“We found starting completely fresh, totally unencumbered, with a clean product was a far better position for us as a business.”

A large-scale due diligence effort followed as Tabcorp contemplated - and ultimately made the call - to back Flutter.

“There was very heavy scrutiny on the product selection, with all of the assessments you’d expect an organisation like ours to go through, and very thorough referencing of current Accenture and Google clients who are using Flutter to make sure that we knew exactly what we were getting into by firstly selecting the product, and then selecting Google and Accenture,” Ozenc said.

“We had to make sure that all three of those things were what we wanted and needed.”

Tabcorp particularly scrutinised large Flutter deployments globally, such as BMW, Toyota, Ebay and Alibaba.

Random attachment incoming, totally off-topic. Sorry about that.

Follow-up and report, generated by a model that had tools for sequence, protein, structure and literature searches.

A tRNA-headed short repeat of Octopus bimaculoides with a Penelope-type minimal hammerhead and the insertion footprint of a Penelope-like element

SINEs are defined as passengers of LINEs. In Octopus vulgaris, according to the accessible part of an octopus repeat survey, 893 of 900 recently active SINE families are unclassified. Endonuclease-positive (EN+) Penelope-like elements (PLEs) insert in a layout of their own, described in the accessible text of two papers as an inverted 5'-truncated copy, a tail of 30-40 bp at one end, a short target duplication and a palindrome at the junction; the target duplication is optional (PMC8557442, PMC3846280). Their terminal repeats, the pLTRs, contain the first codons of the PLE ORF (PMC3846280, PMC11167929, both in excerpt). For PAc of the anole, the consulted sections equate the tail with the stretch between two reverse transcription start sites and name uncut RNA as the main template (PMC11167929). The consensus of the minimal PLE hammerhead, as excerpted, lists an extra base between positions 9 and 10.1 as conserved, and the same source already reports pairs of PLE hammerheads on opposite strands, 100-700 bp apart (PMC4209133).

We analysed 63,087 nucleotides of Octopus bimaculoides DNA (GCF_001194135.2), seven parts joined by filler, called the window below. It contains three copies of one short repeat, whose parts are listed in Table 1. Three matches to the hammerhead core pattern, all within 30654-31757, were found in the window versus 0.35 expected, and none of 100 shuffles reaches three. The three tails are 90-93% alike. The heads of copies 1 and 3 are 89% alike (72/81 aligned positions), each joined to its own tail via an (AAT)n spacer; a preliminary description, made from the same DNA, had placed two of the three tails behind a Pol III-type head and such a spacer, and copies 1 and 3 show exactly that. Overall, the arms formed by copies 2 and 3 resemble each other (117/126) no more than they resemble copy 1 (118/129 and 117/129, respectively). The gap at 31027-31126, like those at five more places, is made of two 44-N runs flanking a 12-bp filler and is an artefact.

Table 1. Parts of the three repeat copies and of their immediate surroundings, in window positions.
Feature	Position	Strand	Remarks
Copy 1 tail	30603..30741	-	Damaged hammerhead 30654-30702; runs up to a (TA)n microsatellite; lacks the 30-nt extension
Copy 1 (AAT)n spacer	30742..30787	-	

Satisfied, Ozenc, together with colleagues from Wagering and Media, then jointly took a business case to the board that was signed off.

“Everything about this project for us has been business and technology side-by-side,” Ozenc said. 

“It has been a very collaborative exercise where we pitched together and we were very transparent in telling the story of Flutter and what it can do for us, but more importantly how it actually addresses the needs of the customer and the challenges that we have today in our technology estate.”

Redevelopment work kicked off in September last year. 

The project team “grew from 2 to 220 within six weeks”, and TAB’s iOS and Android app was the first to be given the Flutter treatment.

"We’re reasonably well progressed [on the app],” Ozenc said.

“We’ll launch in the upcoming months and there’ll be a very short period of coexistence between the old and new versions of the app before we will move over to just the new app.”

The first release of the app will offer customers a “parity-plus” experience.

“It’ll effectively be what they have today as well as addressing some key pain points,” Ozenc said.

“Then there will be release two, release three and then the journey continues with other offerings we’re working on as we bring new products onto the platform, so that progressively over the next 12 months the organisation will continue to add new product offerings onto the Flutter platform.”